Come, ye lords and ladies, and let’s spin a tale of olden times, where dancing, frolicking and singing rule the day, where maidens and squires sit side by side in an ode to 12th century merriment.
It’s a world where the seventh-graders from Seven Hills Middle School learn they can actually survive centuries removed from PlayStations, DVDs and the peer pressure that comes from boys wearing frilly shirts and jesters’ hats to school.
Students spent Tuesday in Miners Foundry Cultural Center eating – sans utensils – stew in a bread bowl, role-playing and dancing jigs from medieval times.
It was – in a nod to old and new cultures – most excellent, milord.
“This helps the kids relate to this time period,” said humanities teacher Tim Floyd.
Just how did Jay-Z disciples turn into jokers and jesters?
The students practiced medieval dancing for 45 minutes a day for several weeks, read King Arthur stories, and discovered that yes, popes are groovy guys.
It’s not hard to get them interested in medieval mischief, Floyd said.
“The kids parade around the school in their costumes before the feast, and the sixth-graders, the first thing they ask when they come into the seventh grade is, ‘When can we do this?'”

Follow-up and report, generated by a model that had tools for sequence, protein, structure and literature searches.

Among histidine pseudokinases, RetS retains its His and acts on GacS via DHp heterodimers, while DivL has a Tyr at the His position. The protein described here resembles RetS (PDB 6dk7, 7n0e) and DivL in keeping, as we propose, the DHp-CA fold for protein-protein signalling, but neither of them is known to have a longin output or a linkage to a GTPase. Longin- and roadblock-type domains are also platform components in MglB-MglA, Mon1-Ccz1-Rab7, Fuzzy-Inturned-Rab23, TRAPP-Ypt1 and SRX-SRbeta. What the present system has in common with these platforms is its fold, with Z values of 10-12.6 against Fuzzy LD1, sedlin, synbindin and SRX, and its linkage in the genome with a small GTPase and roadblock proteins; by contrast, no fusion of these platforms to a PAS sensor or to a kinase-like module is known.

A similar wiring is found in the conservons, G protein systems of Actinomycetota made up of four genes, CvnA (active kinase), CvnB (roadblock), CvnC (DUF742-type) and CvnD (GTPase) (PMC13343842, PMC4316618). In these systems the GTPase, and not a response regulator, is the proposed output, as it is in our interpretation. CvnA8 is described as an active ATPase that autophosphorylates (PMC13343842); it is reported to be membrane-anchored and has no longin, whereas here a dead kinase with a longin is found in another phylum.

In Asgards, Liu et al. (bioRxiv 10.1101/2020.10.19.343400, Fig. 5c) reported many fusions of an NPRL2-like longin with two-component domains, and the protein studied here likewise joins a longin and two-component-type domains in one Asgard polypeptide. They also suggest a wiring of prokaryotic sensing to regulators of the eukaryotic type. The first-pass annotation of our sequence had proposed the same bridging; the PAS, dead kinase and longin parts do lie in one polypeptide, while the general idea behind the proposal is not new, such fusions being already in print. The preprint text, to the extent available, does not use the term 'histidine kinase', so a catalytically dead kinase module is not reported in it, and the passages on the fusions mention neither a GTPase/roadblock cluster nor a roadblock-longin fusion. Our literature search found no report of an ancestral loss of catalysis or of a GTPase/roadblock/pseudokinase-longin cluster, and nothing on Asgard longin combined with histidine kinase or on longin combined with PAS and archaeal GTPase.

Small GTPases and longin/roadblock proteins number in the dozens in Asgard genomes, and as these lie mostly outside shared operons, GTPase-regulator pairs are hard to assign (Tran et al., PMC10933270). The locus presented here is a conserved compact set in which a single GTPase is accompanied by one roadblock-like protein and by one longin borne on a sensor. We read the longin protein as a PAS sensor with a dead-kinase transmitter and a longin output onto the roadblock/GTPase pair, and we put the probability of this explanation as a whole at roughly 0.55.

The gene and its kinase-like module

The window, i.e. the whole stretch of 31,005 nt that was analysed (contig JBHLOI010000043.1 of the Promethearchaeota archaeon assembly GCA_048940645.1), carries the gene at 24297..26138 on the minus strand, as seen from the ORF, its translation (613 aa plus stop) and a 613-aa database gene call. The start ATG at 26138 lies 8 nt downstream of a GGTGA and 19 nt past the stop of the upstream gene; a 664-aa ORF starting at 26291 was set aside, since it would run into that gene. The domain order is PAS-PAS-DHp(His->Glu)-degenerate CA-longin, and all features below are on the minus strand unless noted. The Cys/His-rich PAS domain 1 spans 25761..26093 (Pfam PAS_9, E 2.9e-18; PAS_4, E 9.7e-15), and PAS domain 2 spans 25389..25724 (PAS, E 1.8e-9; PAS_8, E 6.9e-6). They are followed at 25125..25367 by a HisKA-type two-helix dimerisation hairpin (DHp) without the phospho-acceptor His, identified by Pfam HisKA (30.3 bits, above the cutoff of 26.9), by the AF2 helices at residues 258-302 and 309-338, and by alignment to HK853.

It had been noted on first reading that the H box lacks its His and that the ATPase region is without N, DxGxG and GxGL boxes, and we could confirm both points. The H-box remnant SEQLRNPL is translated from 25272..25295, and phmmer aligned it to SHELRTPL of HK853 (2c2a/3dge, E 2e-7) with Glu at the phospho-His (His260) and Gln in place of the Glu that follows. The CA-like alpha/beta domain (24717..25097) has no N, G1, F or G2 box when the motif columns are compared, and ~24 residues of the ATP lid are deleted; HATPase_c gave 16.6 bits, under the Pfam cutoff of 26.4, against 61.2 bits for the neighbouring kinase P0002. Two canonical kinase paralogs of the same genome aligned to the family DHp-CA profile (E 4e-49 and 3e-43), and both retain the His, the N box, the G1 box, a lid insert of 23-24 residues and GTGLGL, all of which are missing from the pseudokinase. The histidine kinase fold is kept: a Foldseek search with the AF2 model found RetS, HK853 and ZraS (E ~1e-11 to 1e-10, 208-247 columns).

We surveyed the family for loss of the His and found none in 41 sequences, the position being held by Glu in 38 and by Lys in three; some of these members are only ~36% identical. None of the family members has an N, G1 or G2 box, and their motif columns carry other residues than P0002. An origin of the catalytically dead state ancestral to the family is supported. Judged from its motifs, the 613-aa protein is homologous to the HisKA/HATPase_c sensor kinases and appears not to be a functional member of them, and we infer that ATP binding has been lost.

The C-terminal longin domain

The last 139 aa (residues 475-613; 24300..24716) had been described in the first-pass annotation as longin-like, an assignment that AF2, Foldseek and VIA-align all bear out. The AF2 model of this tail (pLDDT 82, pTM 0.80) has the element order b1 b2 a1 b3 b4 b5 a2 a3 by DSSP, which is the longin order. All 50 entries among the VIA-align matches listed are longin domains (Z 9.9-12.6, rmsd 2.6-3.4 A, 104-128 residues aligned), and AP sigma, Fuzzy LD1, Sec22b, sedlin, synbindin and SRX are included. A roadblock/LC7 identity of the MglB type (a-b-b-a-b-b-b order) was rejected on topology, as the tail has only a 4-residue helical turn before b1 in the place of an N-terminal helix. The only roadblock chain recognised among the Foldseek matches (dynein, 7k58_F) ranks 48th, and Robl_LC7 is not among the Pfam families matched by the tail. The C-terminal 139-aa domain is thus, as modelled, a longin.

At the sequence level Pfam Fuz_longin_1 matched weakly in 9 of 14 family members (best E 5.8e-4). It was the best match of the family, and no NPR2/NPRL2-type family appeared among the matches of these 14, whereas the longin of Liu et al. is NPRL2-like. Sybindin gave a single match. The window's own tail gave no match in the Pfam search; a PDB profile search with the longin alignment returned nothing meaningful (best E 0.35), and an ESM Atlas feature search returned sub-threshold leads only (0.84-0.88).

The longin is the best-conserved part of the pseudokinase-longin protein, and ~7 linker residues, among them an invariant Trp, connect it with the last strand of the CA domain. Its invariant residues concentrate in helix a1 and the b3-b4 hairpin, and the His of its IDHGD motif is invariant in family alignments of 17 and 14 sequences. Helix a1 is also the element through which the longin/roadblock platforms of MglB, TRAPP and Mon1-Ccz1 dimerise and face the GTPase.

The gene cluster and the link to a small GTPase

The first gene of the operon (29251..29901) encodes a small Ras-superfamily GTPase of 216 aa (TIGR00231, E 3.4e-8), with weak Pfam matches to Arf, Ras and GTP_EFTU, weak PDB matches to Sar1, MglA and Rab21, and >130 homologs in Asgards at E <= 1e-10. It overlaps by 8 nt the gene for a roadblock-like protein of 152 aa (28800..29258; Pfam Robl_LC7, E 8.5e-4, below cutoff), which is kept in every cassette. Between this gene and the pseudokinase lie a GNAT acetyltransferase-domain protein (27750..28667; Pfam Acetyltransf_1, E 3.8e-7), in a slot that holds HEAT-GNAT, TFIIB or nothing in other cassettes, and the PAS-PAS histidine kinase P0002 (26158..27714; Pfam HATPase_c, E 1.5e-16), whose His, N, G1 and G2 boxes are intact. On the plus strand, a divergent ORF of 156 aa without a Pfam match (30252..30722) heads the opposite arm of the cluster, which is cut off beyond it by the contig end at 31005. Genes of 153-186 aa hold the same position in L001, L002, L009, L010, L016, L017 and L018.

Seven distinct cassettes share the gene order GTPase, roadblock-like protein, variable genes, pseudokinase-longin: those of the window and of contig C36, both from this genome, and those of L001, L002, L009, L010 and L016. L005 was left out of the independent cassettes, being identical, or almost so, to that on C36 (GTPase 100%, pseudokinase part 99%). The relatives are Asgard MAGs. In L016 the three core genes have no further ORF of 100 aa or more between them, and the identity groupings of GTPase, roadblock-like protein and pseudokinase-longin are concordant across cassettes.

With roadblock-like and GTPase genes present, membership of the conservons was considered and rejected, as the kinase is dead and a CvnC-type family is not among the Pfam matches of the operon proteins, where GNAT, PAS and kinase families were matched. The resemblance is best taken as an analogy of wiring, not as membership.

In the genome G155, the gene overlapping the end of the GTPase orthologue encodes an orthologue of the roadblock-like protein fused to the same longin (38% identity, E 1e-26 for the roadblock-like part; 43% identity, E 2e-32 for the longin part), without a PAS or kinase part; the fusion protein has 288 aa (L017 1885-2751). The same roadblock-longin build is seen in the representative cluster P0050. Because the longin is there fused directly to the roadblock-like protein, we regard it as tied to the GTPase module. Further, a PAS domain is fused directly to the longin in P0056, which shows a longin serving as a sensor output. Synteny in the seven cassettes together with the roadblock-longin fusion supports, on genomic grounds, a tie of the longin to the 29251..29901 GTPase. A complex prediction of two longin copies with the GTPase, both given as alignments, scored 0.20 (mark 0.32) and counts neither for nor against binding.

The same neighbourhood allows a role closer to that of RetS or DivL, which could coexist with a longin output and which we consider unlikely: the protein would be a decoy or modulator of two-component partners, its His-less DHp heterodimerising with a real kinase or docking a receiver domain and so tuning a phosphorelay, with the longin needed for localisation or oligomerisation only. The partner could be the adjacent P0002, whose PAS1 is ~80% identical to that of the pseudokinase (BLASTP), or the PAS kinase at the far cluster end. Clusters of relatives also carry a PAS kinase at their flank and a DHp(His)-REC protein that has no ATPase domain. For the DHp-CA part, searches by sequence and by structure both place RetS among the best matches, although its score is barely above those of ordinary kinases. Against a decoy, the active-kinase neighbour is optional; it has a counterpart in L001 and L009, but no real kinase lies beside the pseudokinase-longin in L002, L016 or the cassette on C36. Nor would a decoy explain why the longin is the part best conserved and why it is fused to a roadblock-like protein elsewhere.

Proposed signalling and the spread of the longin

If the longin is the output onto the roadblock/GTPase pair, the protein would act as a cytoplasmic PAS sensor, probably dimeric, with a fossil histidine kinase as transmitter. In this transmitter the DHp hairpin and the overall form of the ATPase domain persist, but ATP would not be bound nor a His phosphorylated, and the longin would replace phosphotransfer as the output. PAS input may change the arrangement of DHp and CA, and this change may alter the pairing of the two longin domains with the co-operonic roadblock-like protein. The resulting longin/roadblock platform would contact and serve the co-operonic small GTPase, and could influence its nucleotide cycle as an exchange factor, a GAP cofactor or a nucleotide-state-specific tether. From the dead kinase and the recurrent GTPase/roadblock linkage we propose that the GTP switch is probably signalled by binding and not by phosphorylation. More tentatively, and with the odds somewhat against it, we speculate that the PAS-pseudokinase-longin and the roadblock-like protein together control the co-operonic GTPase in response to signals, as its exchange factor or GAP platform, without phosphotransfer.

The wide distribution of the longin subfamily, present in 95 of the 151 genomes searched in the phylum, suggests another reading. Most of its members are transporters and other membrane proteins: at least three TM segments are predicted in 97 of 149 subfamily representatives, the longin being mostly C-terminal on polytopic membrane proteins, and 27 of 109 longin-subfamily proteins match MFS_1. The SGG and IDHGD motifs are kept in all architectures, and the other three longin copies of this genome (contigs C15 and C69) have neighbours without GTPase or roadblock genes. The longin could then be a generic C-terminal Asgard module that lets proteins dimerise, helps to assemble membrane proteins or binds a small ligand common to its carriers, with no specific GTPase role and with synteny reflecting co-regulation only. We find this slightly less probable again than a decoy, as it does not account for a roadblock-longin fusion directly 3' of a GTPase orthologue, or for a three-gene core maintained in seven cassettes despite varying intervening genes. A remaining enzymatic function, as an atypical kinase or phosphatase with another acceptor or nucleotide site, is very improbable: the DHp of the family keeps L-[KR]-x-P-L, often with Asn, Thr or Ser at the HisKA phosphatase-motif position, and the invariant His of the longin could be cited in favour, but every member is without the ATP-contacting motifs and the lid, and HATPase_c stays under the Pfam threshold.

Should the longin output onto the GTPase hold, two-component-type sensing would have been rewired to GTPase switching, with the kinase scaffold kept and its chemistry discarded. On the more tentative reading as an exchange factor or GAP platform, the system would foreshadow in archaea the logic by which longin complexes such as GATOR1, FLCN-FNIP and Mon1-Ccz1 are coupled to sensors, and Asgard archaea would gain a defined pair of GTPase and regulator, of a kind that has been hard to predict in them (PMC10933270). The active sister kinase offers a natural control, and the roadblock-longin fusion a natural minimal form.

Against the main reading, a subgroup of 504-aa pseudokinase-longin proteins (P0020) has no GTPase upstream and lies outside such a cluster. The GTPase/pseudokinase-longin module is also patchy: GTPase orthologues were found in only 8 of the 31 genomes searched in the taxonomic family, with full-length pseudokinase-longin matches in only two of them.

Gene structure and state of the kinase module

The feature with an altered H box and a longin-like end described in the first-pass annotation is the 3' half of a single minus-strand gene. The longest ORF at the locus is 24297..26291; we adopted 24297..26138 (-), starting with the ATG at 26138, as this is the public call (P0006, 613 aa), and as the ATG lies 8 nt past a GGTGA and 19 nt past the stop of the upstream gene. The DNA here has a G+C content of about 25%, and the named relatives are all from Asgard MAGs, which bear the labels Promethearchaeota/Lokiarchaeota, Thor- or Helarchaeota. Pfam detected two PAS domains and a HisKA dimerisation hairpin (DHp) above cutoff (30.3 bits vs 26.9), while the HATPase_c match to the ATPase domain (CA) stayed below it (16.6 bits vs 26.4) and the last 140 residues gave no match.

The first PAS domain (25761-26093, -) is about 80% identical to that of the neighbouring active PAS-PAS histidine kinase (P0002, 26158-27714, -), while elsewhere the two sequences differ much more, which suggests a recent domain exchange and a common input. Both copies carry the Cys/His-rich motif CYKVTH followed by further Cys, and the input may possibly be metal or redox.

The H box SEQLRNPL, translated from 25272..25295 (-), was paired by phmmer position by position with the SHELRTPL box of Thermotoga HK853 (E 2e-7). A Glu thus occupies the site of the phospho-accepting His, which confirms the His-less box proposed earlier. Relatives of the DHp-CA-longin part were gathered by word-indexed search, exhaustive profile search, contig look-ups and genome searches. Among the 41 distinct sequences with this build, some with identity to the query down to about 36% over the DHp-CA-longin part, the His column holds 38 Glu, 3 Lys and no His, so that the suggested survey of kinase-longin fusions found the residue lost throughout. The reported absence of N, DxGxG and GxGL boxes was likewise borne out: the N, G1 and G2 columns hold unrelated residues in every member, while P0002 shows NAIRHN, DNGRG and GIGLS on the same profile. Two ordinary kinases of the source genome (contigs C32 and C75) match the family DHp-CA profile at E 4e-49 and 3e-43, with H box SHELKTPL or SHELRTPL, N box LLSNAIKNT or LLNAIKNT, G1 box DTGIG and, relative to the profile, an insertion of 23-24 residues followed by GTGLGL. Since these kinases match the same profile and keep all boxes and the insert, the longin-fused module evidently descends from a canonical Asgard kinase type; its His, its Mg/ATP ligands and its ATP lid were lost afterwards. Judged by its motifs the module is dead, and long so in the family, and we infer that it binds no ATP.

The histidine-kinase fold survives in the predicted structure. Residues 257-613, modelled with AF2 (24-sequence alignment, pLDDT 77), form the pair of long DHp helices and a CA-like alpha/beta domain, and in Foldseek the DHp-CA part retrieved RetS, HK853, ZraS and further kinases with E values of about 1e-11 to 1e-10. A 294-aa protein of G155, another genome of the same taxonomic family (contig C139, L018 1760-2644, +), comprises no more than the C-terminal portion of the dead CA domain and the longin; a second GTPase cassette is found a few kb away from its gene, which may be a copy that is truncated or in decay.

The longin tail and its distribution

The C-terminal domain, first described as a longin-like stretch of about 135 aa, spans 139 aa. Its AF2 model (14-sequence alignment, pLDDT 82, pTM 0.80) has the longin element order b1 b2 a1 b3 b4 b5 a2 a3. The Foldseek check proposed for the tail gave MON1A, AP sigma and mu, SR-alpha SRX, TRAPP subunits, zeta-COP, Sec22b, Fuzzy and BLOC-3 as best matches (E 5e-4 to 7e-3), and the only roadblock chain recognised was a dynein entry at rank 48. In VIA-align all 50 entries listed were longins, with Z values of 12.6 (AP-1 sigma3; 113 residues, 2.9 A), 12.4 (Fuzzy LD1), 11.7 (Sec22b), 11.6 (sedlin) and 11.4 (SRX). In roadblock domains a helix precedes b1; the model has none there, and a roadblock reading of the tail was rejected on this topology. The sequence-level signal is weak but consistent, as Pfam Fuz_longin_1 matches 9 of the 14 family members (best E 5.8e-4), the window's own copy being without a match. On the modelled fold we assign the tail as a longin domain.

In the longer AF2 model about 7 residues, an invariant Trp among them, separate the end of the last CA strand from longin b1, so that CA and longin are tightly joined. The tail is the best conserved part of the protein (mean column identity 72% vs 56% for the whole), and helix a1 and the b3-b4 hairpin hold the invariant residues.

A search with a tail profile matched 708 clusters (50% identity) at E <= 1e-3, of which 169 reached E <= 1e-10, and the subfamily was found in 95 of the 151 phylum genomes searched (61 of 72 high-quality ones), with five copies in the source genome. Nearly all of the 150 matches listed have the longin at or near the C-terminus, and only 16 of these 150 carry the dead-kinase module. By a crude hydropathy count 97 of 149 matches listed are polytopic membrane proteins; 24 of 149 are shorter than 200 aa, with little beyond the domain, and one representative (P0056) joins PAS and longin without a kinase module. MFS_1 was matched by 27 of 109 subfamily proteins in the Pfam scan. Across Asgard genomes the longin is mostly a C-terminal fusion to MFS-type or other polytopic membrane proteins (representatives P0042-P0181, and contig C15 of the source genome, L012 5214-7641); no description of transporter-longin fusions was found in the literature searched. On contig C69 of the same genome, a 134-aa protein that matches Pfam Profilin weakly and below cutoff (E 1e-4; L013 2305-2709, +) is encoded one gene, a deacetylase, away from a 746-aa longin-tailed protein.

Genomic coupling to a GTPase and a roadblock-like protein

The students spent weeks making shields representing their classes and then hung them from the rafters of the Foundry, along with coats-of-arms they created.
Each class chose a ceremonial king and queen to sit at the head of long tables bedecked with white tablecloths and holly branches.
Many girls wore white dresses, their heads adorned with crowns of leaves. Some of the boys wore long overcoats and crowns.
“I think a few of them were a little embarrassed on the bus ride to school,” Floyd said.
“I could wear this to school all the time,” said seventh-grader Alyson Dorfman, 13, dressed in a floor-length gown that hid her shoes. “I think I’d be tripping a lot.”
A few of the girls questioned whether they could live like their noble ancestors.
“Life was like, really hard, and they didn’t have TV,” said Jentrie Helfter, 12, “and I couldn’t live without TV.”
As parents recorded the archaic moment with modern video cameras, the students danced a jig harking back to the Crusades, when Europeans learned the ways of Arabic culture, as a seven-piece recorder band played.
Teacher Brian Dowling said he could understand why some of the students found it hard to relate to the differences in a class-based society, where rulers in the Foundry sat high above the peasants and serfs as the Nevada Union High School chamber choir sang.
“It’s hard treating your friends like serfs,” 12-year-old Trevor Jackson said.
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